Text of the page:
Some Indian women chose to marry European American traders in the fashion of the country.The term marriage “in the fashion of the country” originated among the French speaking traders of Canada. The French term is “a la faḉon du pays.” The Native American women who married European American traders were often called “country wives.” Many of traders who married native women also had wives “back home.” Sometimes, when men retired from the fur trade, they returned to their legitimate (legally married) wives in the states. This means that these marriages were not recognized by law or religion. While many marriages brought loving couples together for the rest of their lives, other marriages were very short-lived or violent. The children of mixed marriages in the Red River region formed a new culture called Métis. The mixed-blood children of marriages in other tribes usually grew up with their mother’s people.

Traders, especially those working for the North West Company, often used liquor to persuade Indians to trade. Sometimes, liquor was used to cheat Indians out of their furs. Liquor diminished the capacity of American Indians to make good business decisions. Indians and trappers who drank too much got into fights; sometimes the violence led to murder. Though U.S. law (and the Hudson’s Bay Company) prohibited the transport of intoxicating liquorsAlexander Henry the Younger established a trading post for the North West Company at Pembina in 1800. He very quickly recognized the problems that liquor caused in Indian communities. And he knew that the source of the liquor was the trading companies. He regretted the social and physical damage caused by liquor, but did nothing to stop the distribution of liquor in the fur trade. In February, 1803 he wrote: The Indians totally neglected their ancient customs; and to what can this degeneration be ascribed but to their intercourse with [fur traders], particularly as the [Chippewas] are so unfortunate as to have a continual succession of opposition parties to teach them roguery, and to destroy both mind and body with that pernicious article rum? What a different set of people they would be were there not a drop of liquor in the country. If a murder is committed among the [Chippewas], it is due to a drinking match. You may truly say that liquor is the root of all evil in the West. into Indian country, it was difficult to enforce this law. If an Army officer found liquor on a fur trade boat, he would destroy all of the kegs, but there were not enough officers to patrol river traffic.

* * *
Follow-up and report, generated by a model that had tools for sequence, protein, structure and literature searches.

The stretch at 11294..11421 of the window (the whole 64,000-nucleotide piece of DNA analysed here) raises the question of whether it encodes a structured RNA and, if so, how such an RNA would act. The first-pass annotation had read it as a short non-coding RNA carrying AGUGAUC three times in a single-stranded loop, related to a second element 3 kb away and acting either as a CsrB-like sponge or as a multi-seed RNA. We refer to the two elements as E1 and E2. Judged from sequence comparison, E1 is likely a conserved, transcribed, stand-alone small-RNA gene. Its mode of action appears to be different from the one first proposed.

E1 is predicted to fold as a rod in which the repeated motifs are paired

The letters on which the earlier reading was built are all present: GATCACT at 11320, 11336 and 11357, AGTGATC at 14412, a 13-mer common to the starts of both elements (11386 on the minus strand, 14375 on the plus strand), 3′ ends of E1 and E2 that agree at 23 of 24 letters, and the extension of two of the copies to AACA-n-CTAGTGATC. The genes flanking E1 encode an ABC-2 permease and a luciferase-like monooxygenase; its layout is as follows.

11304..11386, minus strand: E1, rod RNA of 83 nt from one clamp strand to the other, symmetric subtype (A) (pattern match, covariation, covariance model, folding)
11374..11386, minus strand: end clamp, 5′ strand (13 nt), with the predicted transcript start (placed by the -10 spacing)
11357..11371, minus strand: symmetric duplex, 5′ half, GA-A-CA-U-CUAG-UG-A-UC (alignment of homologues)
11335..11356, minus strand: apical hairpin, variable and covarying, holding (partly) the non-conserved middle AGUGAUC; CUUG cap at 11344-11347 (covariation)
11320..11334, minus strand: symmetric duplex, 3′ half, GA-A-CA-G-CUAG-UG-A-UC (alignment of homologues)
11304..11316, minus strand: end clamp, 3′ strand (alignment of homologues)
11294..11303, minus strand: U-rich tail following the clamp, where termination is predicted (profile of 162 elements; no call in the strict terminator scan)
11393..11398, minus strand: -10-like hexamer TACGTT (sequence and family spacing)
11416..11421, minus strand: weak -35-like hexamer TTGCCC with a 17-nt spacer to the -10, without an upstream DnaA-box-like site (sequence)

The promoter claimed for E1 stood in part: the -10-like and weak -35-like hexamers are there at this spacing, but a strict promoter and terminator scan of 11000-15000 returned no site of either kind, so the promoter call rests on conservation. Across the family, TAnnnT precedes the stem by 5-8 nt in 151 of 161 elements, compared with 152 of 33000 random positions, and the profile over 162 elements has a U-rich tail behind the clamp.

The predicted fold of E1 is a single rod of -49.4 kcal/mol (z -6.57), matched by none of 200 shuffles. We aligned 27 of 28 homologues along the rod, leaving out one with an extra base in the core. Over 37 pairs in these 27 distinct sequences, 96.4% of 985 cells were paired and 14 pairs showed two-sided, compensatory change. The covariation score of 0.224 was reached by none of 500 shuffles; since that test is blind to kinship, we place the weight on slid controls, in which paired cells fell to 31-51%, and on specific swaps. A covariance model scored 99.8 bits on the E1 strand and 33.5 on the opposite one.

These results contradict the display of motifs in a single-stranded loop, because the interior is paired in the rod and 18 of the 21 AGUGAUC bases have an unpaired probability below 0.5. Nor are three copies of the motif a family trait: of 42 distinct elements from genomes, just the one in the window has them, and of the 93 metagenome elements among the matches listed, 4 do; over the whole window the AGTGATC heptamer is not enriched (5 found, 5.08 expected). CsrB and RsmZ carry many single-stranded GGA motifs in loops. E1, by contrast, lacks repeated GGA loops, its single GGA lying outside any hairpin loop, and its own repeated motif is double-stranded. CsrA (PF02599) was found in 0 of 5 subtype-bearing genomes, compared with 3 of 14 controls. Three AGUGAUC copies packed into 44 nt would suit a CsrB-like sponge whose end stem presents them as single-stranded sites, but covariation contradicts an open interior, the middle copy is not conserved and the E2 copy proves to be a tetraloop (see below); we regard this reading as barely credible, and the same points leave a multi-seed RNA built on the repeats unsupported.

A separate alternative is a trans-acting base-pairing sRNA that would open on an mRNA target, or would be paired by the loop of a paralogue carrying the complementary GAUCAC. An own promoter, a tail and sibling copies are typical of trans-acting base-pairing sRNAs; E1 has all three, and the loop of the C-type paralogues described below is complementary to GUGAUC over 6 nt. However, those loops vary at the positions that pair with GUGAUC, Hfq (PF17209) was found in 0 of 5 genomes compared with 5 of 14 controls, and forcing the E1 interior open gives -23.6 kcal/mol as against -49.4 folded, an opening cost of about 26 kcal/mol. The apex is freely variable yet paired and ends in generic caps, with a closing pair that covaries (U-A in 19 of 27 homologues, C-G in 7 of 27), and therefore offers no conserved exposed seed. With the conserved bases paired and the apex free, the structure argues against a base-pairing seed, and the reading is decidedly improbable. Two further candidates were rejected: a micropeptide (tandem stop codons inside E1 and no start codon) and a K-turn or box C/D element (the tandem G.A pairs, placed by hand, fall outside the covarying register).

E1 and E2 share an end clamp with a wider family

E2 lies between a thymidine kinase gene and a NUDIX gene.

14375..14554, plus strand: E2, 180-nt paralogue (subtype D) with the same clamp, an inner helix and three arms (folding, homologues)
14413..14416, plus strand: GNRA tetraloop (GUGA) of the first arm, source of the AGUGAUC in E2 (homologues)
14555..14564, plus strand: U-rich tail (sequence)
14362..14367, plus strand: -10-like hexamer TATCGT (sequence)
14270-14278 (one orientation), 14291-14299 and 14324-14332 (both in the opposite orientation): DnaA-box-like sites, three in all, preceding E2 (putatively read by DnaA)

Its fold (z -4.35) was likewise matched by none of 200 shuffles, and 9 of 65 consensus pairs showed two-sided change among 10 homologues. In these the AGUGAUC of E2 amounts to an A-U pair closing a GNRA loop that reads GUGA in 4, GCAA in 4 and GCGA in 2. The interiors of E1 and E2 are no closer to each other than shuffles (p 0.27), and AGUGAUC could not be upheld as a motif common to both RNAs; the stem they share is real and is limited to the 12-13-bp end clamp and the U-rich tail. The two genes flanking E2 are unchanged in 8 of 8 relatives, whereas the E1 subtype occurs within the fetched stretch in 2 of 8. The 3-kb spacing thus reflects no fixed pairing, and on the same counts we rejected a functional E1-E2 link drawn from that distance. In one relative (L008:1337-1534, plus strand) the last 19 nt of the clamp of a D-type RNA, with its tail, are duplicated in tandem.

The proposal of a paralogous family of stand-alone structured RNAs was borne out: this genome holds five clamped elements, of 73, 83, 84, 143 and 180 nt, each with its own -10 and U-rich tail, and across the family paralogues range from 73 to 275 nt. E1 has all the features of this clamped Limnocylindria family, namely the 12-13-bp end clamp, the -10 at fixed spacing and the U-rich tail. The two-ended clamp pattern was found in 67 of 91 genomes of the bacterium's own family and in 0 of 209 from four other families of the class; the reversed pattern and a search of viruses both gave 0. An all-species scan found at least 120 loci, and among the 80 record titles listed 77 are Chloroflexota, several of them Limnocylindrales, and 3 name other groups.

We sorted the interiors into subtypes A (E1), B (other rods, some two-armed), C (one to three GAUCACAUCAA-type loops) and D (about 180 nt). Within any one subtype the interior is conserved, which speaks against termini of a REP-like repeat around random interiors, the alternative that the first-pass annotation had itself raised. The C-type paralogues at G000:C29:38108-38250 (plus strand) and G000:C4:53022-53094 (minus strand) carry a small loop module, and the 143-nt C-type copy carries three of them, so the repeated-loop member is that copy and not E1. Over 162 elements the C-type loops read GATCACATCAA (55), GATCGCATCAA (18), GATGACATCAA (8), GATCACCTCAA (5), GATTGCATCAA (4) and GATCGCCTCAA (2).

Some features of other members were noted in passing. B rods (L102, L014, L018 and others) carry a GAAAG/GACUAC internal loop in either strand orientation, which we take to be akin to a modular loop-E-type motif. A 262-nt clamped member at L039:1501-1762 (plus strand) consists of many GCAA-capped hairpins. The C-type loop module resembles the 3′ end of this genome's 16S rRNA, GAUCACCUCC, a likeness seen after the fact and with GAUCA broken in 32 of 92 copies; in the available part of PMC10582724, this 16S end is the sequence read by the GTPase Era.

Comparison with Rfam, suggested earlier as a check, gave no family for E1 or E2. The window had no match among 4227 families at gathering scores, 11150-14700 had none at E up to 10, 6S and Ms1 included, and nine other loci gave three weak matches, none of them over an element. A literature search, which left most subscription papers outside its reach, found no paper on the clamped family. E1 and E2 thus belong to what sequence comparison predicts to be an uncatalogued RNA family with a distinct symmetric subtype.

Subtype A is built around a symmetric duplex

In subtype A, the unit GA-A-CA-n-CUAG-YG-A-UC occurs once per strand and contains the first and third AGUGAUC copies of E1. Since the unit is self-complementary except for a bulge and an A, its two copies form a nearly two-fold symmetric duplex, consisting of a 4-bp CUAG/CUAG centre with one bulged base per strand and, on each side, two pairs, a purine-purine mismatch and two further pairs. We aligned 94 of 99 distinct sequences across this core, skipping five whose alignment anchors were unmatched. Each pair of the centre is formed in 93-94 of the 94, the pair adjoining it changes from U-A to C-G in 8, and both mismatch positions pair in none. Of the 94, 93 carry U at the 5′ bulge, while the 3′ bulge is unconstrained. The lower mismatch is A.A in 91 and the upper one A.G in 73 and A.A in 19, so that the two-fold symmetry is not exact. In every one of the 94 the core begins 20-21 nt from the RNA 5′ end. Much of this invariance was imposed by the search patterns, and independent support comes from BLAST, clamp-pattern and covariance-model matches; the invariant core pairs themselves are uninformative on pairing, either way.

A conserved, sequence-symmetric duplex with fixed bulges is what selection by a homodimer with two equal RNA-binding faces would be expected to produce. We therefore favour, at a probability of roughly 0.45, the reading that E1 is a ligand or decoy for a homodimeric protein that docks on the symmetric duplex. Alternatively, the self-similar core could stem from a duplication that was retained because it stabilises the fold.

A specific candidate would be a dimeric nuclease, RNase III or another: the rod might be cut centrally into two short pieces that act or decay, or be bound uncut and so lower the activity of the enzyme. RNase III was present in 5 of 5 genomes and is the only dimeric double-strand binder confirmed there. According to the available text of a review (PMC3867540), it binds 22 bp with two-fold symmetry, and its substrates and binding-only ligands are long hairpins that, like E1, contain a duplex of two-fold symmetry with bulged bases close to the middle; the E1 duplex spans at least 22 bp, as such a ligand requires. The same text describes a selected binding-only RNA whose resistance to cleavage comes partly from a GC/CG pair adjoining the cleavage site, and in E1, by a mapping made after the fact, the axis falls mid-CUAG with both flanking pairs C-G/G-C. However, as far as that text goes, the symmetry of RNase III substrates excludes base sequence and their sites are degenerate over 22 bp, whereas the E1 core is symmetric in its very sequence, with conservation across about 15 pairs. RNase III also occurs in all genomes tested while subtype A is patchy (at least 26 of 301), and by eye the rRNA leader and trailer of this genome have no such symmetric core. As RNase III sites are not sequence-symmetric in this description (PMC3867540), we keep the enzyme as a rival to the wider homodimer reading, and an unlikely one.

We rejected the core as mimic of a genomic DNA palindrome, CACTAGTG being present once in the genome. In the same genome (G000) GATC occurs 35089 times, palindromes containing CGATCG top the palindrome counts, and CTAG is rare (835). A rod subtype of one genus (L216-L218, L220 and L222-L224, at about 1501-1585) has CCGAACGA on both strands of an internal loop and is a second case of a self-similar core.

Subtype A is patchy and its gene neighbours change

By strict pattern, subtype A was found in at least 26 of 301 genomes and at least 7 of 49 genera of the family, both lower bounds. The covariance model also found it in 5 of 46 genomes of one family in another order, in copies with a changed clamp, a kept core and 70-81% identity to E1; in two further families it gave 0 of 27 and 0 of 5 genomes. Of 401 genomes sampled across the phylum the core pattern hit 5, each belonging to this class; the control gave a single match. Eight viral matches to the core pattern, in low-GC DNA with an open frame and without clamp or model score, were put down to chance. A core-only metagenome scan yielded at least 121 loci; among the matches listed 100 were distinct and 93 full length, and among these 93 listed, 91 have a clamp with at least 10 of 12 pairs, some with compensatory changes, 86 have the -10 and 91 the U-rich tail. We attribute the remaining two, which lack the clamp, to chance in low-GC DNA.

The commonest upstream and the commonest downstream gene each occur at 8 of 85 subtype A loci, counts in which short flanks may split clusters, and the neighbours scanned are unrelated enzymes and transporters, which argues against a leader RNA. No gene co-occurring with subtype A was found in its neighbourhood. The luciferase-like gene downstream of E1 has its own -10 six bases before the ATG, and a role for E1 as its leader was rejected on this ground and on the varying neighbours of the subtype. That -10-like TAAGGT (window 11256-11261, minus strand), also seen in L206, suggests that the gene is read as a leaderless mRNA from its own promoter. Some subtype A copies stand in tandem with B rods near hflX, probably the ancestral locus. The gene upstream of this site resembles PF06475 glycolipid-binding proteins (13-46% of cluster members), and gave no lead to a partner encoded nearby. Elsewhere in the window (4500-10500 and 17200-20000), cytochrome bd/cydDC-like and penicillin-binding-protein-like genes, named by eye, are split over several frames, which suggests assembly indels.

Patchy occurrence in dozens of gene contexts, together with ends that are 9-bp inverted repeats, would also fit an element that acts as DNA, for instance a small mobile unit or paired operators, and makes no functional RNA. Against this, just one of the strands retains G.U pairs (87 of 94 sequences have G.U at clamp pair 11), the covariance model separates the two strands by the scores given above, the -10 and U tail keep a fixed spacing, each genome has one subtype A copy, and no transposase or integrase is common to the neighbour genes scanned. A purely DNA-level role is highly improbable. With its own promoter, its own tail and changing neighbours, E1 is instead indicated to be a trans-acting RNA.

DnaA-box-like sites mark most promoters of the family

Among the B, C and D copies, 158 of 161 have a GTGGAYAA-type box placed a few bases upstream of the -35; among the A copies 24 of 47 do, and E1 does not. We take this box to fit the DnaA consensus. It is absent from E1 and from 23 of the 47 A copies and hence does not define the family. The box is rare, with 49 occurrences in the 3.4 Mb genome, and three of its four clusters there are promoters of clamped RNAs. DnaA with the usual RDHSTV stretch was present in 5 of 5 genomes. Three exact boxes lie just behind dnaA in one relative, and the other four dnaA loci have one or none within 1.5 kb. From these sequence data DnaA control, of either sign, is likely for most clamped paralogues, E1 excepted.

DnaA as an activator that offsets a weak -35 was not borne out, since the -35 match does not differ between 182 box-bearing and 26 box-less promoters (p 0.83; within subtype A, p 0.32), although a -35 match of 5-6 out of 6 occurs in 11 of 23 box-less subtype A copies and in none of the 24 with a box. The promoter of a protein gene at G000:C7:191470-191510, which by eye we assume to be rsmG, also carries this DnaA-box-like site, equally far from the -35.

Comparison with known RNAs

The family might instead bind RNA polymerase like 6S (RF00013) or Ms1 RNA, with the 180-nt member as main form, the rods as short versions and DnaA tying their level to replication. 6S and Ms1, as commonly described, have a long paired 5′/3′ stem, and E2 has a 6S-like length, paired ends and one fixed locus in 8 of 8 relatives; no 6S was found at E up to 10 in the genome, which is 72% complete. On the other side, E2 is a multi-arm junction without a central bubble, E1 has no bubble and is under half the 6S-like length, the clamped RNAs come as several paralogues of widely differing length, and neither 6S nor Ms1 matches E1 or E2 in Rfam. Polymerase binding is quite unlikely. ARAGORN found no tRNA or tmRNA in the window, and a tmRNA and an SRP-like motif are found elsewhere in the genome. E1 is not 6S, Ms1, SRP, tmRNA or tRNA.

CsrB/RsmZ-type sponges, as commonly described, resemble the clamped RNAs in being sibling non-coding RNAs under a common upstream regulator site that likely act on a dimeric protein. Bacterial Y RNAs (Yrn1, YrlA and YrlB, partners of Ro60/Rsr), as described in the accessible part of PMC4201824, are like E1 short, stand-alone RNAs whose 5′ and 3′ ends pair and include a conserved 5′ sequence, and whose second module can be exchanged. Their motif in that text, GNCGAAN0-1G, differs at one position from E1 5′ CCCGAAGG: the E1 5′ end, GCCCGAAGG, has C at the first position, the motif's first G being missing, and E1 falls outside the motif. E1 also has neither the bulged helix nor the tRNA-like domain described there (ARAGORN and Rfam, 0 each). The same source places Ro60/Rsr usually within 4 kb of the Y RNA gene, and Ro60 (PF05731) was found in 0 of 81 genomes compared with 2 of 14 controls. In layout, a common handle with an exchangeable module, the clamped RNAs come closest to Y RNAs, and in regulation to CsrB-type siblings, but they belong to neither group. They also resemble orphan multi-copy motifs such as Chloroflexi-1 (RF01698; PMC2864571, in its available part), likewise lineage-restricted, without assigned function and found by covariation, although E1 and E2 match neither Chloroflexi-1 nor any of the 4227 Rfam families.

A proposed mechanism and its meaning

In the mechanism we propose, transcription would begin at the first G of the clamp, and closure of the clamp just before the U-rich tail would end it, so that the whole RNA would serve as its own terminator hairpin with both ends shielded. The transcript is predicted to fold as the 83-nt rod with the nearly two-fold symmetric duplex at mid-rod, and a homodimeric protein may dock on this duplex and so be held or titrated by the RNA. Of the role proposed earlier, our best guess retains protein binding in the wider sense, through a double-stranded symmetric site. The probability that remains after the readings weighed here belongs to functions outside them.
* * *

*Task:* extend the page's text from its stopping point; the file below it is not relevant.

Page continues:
Many relationships between traders and their Indian partners were friendly and respectful. Indian tribes and fur companies enjoyed mutual benefits from the fur trade. Indians obtained manufactured goods such as guns, knives, cloth, and beads that made their lives easier. The traders got furs, food, and a way of life many of them enjoyed. 

However, competition among the tribes and among the fur companies created more conflict than peace. In addition, the fur trade led to the destruction of individuals and tribes even after the fur business ended. Fur traders gathered information about Indian country that drew farmers, miners, and railroads to the northern Plains. The people who followed the fur traders did not want Indians as trading partners. They were interested in taking land from Indians. The Indians’ ability to resist the newcomers was diminished by alcohol, disease, and dependency on trade goods.

Why is this important?  The fur trade was a business that made profits for the owners and many of the traders. But it was also a cultural meeting ground where all of the participants were on equal footing. Everyone had something of value to trade.

However, in the long run, the fur trade was also very destructive for the American Indian tribes of this region. Many people forgot traditional skills for making things such as knives or hoes that they could now purchase with furs. Traders brought deadly diseases to Indian communities. Violent conflict often broke out between tribes that participated in the fur trade. There was some good in the fur trade, but more often, the effects of the fur trade were not good for American Indians.